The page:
Oracle's earnings miss estimates for quarter
SAN FRANCISCO (AP) -- Oracle's quarterly earnings missed analyst estimates as the business software maker struggled to close deals, signaling possible trouble ahead for the technology sector.
The performance announced Tuesday covered a period of economic turbulence that has raised concerns that major companies and government agencies may curtail technology spending.
Oracle's results for the three months ending in November suggested the cutbacks have already started. The showing alarmed investors, causing Oracle Corp. shares to slide 8 percent.
In a telling sign of weakening demand, Oracle's sales of new software licenses edged up just 2 percent from the same time last year. Analysts had expected a double-digit gain in new software licenses. Wall Street focuses on this part of the business because selling new software products generates a stream of future revenue from maintenance and upgrades.
The company earned $2.2 billion, or 43 cents per share, in its fiscal second quarter. That was a 17 percent increase from net income of $1.9 billion, or 37 cents per share at the same time last year.
Prestige makes big buy
NEW YORK (AP) -- Prestige Brands Holdings Inc. will pay British drugmaker GlaxoSmithKline PLC $660 million cash for a group of over-the-counter pharmaceutical brands including Beano and Tagamet, its largest acquisition ever.
The Irvington, N.Y., company is also buying pain relievers BC, Goody's, and Ecotrin, gastrointestinal brands Beano, Gaviscon, Phazyme, Tagamet, and Fiber Choice, and Sominex sleep aids. With those brands and several other recent acquisitions, Prestige says its annual revenue will amount to about $600 million.
GM to help Saab owners
DETROIT (AP) -- General Motors says it will honor warranties of Saab cars that were sold in the U.S. and Canada while the Swedish automaker was part of GM.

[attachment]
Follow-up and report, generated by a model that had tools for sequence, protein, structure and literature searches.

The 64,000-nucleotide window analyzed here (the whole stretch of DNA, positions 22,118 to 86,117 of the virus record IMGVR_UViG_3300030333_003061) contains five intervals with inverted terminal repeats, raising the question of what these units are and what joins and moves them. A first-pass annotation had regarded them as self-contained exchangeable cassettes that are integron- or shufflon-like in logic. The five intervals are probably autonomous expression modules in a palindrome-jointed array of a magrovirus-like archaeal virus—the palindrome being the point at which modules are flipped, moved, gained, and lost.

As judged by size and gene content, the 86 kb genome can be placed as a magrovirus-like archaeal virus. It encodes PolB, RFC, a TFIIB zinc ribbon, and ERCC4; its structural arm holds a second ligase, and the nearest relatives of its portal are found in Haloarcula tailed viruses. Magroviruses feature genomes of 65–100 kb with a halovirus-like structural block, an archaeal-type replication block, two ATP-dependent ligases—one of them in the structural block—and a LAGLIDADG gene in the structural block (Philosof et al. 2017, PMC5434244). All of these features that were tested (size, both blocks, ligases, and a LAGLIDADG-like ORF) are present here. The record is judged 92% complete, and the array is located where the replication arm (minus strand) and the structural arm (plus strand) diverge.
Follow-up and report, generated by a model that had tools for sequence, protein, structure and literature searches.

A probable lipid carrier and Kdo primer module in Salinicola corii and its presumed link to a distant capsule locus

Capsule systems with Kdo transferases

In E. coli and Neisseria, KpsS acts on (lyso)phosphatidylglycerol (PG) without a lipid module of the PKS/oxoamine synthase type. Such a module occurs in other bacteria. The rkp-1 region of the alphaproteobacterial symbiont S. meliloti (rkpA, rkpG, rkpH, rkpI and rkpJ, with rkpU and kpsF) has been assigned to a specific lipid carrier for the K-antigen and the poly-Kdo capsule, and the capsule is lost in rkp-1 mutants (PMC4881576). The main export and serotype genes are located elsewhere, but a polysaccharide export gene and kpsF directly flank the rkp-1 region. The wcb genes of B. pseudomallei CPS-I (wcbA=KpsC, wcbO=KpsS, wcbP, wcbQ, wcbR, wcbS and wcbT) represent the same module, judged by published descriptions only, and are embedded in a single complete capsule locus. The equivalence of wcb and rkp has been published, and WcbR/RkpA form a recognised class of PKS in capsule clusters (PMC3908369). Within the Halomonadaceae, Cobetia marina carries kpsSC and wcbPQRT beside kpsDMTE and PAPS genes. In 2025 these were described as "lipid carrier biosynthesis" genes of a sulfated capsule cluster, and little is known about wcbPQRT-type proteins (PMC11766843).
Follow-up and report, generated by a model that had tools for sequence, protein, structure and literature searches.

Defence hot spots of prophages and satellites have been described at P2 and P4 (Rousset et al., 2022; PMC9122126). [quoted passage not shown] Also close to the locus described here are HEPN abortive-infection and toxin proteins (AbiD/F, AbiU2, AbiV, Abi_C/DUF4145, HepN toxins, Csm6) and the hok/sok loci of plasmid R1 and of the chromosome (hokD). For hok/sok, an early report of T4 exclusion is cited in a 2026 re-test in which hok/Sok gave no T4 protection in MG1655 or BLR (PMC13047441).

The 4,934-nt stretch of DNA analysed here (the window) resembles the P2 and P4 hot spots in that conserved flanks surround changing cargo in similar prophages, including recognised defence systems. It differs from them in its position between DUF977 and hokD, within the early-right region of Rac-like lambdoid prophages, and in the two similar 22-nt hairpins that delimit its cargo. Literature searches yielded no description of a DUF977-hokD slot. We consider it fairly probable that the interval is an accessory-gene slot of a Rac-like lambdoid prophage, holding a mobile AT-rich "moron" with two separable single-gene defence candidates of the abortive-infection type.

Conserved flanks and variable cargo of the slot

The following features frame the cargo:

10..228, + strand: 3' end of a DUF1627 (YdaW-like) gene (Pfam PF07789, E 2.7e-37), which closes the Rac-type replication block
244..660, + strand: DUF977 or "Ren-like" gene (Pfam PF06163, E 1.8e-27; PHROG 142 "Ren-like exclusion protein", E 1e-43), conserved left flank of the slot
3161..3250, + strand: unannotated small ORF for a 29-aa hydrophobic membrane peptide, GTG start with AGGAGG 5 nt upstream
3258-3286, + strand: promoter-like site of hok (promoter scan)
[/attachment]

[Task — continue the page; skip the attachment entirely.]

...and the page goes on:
Cash-strapped Saab filed for bankruptcy in Sweden on Monday. The company has suspended warranty coverage for all vehicles in North America.
GM said Tuesday it will cover the warranties if Saab doesn't.
GM will pay warranty costs for about 48,000 Saabs in the U.S. and 9,000 in Canada. The cars are from the 2009 model year or older, except for a few 2010s in Canada. GM had been paying Saab for the warranty costs. Now it will pay dealers directly.
GM says Saab owners should still contact their dealers for warranty work.
Business subsidies opposed
A group seeking reform of state business subsidies called for the end of a Rochester company's tax abatements Tuesday because it plans to close a Tonawanda warehouse and move the jobs.
Representatives from the Getting Our Money's Worth coalition attended the County of Monroe Industrial Development board meeting, demanding it revoke the tax subsidy given to VWR Education/Ward's Natural Sciences because it says the company is consolidating and downsizing, not expanding. The group said VWR is engaging job shifting within a region instead of fulfilling the subsidy's purpose of new job creation.
Neither VWR nor the IDA returned calls seeking comments Tuesday.
VWR owns Science Kit and Borreal Laboratories, a Town of Tonawanda manufacturer of demonstration kits and games for science teachers, and it announced in October its plans to consolidate its local warehouse operations in Henrietta, laying off 40 people. The coalition claims only 7 people will be hired during the expansion of the Henrietta location.
The coalition, which includes the Buffalo-based Coalition for Economic Justice and the Teamsters Union, claims the IDA did not properly scrutinize VWR's application.
The Tonawanda operation, which is located on East Park Drive, employs about 110, including 70 office workers. VWR's office will remain open.